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Hong Kong In August of food safety report released

8 October 2009 2,388 views No Comment

Hong Kong (HKSAR) – The Centre for Food Safety (CFS) today (October 7) released its Food Safety Report for August, which covered food surveillance results for the month. About 4,800 food samples were tested in August. Of these, about 3,200 were taken for chemical tests and about 1,600 for microbiological and other tests.

The overall satisfactory rate was 99.7%, with 13 samples being found unsatisfactory. While microbiological tests cover pathogens and viruses, chemical tests are to detect pesticides, preservatives and metallic contamination. Samples included vegetables, fruit and their products; meat, poultry and their products; aquatic products; milk, milk products and frozen confections; and cereals, grains and their products.

Vegetables, fruits and products ——————————- About 1,900 samples of vegetables, fruit and their products were taken for microbiological and chemical tests. For tests on pesticide residues, a Chinese lettuce sample was found to contain methamidophos at a level of 2.4ppm. All the samples tested for pathogens, metal contamination, preservatives and colouring matters were satisfactory.

Meat, poultry and products ————————– The CFS collected about 700 samples of meat, poultry and their products for microbiological and chemical tests. Six samples were unsatisfactory. Five fresh beef samples were found to contain the preservative sulphur dioxide, which is not permitted to be used in fresh meat, at levels ranging from 36ppm to 390ppm.A sample of ready-to-eat wined chicken was found to contain the pathogen Salmonella.

All the samples tested for veterinary drug residues and colouring matters were satisfactory. Aquatic products —————- About 300 samples, including fish, shellfish and their products, were analysed for micro-organisms, chemicals and biotoxins. There were three unsatisfactory samples.

For tests on veterinary drug residues, a frozen shrimp sample and a chilled threadfin sample were found to contain metabolite of nitrofuran at a level of 0.0022ppm and 0.0071ppm respectively. Another sample of chilled threadfin was found to contain non-permitted malachite green at a level of 0.046ppm. All the results for metal contamination, pathogens, preservatives and biotoxins were satisfactory.

Milk, milk products and frozen confections —————————————— The CFS took about 700 samples of milk, milk products and frozen confections for microbiological and chemical analyses. All the test results were satisfactory. Cereals, grains and products —————————- About 50 samples were tested for micro-organisms and chemicals.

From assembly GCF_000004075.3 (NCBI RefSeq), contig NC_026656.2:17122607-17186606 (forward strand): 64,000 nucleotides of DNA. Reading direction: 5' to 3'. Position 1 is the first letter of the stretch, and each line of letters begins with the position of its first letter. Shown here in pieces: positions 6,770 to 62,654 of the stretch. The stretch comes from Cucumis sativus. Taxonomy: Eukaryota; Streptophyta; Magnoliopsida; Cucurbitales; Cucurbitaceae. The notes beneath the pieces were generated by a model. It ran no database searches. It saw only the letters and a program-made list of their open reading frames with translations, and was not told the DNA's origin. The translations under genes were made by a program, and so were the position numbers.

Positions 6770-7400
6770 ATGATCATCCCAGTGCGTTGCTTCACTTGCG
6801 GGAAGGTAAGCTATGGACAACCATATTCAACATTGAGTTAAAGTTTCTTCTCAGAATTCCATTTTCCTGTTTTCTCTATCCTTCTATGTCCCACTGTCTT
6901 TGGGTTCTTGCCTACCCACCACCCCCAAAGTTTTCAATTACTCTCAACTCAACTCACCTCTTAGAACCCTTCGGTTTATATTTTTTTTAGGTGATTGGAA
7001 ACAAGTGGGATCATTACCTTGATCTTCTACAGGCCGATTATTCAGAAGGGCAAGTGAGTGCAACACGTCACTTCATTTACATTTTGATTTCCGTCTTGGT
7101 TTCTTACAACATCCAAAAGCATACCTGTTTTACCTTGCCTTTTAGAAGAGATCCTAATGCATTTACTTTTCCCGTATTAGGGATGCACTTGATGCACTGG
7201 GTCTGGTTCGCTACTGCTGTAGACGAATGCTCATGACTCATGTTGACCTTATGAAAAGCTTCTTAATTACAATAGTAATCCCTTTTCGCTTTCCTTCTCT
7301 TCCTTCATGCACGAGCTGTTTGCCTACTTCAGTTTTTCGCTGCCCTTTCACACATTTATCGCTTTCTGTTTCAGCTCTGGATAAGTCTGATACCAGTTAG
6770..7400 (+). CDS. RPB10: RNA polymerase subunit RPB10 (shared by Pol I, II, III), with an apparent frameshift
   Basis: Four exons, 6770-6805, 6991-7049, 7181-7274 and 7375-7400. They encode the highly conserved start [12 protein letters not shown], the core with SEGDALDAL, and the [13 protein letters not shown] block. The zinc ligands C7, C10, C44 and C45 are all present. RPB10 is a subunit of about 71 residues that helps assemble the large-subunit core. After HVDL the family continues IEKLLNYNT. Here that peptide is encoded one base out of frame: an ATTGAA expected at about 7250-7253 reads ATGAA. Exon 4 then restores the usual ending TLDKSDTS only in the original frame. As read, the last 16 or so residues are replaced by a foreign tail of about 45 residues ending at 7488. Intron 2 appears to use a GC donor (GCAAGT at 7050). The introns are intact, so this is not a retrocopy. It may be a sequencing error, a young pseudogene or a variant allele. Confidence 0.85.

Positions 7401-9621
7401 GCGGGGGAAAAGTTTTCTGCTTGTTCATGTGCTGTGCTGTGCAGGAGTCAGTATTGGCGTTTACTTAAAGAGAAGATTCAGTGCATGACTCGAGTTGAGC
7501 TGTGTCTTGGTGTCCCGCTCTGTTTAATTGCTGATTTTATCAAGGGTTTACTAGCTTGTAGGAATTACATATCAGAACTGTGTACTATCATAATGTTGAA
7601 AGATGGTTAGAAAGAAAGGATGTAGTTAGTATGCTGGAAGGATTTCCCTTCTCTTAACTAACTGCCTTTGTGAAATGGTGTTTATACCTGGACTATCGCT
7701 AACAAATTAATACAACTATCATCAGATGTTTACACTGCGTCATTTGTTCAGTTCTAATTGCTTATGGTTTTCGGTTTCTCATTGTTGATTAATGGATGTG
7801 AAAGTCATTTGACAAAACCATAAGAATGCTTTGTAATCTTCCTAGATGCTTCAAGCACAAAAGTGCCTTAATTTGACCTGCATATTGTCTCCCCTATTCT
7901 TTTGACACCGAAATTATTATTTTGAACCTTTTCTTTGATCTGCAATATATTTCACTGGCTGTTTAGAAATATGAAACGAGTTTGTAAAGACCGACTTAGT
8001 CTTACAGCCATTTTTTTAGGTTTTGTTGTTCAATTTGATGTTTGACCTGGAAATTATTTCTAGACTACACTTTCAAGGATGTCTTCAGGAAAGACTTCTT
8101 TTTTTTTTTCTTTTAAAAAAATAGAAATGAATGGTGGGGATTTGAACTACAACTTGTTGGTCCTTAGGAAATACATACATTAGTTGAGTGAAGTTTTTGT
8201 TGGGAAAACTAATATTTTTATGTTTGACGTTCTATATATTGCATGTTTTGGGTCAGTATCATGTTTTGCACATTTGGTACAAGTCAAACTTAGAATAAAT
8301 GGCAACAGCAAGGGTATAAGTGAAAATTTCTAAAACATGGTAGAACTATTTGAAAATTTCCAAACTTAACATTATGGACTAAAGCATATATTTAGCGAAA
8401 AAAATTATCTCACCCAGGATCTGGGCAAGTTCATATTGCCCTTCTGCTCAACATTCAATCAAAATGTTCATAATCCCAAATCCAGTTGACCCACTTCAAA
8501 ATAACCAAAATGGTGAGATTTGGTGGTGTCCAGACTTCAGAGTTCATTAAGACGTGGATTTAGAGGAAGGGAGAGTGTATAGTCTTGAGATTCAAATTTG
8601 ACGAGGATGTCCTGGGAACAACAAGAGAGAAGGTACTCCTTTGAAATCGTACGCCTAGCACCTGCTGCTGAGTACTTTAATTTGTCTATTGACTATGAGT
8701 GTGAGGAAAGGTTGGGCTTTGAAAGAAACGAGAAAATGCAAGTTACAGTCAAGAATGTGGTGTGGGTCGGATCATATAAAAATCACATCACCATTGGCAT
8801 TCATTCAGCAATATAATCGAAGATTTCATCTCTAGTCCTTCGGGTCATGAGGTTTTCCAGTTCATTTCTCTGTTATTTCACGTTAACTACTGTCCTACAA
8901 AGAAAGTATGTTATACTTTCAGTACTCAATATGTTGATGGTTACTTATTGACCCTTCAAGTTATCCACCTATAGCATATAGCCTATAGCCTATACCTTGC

All were satisfactory. Other food commodities ———————- About 1,100 samples including snacks, dim sum, sushi, sashimi, condiments and sauces were tested. There were three unsatisfactory samples.

A sample of “poon choi” and a sample of soup vermicelli with pork sataywere found to contain the pathogen Bacillus cereus at a level of 2.5 million per gramme and 810,000 per gramme respectively. A chilli sauce sample was found to contain the non-permitted colouring matter Red 2G. Conclusion ———- Most of the unsatisfactory chemical test results involved excessive or illegal use of food preservatives, veterinary drug residues or colouring matters in food.

A CFS spokesman urged the food trade to use only permitted food additives, follow good manufacturing practices and comply with legal requirements. On the detection of pathogens in food samples, he said they could be indications of unsatisfactory hygiene conditions during food processing and production. He reminded traders to avoid preparing food in excessive amounts or too far in advance.

Food handlers should maintain good personal hygiene during food processing. Raw and cooked food should be kept separately. “All food ingredients should be thoroughly cooked and properly stored at above 60 degrees Celsius, or at or below 4 degrees Celsius.

“If necessary, ‘poon choi’ should be reheated thoroughly with the centre temperature reaching 75 degrees Celsius or above before consumption,” he added. The CFS has taken follow-up action in respect of the unsatisfactory samples. These included tracing the food sources, asking concerned vendors to stop selling and to dispose of the affected food, taking further samples and issuing warning letters.

“If there is sufficient evidence, prosecution will be taken,” the spokesman said.

Source: HKSAR Government

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